I’m probably the last person anyone would turn to for any sort of management task. I’m a foot-soldier, not a general. But somehow, somewhere along the way, I’ve managed a few group tours. A few days, a few people; we’ve had fun, seen the sights, gotten from A to B, and done the job without too many people yelling at each other.
So this article by Ellen Morgan from Broadsheet caught my eye. Sometimes there will be travel that involves more than family. Getting it right is crucial; people are spending a lot of money and their valuable vacation days to follow your plan, and if there’s waste and delay, they’ll blame you.
Some good tips here. Probably the best on the list is about shared communication. In the planning stages, listen to what people want from the trip, and what their special needs are. Sure, you can’t please everybody, but you can avoid a lot of problems early on. I’m planning a road trip through France right now, and I’ve started up a private Facebook group, where everyone gets a say on what they want. Extending this through the trip will be important, and I’ll make sure that everyone has a list of mobile phone numbers, social media handles and so on.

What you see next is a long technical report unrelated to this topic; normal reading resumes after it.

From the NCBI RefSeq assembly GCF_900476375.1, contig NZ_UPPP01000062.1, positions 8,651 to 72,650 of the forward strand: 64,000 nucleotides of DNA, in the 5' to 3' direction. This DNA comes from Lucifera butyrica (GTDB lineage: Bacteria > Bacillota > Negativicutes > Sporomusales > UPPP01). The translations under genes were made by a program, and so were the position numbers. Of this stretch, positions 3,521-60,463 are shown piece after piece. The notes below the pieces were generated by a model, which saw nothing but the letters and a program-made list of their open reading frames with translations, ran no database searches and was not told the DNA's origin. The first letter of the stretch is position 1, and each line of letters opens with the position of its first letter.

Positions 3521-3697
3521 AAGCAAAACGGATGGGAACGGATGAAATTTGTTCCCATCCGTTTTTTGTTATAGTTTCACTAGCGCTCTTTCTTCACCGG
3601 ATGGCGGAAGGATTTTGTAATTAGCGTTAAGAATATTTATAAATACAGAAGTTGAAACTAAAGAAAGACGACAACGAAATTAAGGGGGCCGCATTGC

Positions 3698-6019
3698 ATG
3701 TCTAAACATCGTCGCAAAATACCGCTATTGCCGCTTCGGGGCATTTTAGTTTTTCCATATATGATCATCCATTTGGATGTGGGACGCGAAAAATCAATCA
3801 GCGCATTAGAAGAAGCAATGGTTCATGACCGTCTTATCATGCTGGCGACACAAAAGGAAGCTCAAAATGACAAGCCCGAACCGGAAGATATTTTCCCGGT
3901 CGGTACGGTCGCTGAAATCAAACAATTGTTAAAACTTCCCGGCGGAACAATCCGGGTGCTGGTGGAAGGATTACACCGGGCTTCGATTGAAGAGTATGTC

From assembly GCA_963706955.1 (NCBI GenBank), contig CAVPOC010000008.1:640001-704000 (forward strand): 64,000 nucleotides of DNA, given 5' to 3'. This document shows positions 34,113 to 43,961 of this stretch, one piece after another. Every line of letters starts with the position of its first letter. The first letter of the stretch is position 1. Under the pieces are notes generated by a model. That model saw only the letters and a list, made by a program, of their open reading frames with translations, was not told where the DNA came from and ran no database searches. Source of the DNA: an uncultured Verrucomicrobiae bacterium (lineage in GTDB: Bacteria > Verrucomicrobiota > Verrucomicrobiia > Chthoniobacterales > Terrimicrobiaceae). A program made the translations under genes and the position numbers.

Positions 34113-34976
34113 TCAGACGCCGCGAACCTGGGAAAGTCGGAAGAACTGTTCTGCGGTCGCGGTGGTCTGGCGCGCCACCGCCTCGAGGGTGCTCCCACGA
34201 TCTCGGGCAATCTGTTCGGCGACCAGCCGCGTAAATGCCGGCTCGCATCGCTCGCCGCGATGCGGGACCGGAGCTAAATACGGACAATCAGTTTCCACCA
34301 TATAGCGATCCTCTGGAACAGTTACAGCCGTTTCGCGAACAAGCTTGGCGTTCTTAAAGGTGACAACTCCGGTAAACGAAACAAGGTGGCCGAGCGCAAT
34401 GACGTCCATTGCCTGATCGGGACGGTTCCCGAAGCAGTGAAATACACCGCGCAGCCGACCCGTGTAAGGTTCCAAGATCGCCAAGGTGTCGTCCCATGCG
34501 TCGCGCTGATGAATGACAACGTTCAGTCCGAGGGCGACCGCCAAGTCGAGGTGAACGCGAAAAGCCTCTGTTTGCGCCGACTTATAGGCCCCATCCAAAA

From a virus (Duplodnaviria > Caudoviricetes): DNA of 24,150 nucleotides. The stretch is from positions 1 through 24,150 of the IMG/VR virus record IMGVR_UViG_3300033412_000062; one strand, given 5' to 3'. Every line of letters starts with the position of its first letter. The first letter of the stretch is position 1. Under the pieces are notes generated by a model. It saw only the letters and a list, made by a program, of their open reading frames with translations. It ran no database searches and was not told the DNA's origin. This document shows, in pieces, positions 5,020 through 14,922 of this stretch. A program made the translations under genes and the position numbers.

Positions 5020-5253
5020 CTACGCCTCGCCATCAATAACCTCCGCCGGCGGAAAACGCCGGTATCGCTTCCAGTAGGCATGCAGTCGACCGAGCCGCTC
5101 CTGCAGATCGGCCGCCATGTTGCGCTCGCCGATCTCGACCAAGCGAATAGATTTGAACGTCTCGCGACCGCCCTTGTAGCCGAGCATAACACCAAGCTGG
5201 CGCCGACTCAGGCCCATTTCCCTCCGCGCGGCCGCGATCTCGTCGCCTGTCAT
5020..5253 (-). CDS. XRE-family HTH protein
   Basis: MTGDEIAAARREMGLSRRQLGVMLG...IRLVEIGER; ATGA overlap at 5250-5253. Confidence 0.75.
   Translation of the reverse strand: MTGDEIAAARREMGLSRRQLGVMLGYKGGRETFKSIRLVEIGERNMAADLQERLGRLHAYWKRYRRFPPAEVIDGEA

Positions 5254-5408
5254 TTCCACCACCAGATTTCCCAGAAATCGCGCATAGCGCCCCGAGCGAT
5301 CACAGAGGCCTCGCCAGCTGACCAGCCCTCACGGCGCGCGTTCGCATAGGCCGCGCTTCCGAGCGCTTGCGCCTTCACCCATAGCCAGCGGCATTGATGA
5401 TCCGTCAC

Have you ever handled a group trip? What went wrong? What worked? Care to share?
Rustling up mates for a group dinner down the road can be a pain. So the idea of corralling those different personalities and quirks on a group holiday trip sounds like a nightmare. It doesn’t have to be. Here’s our guide to a few simple ideas to adopt when on the road to make sure the focus stays firmly on fun.
Read more at How to Travel as a Group and Still Stay Friends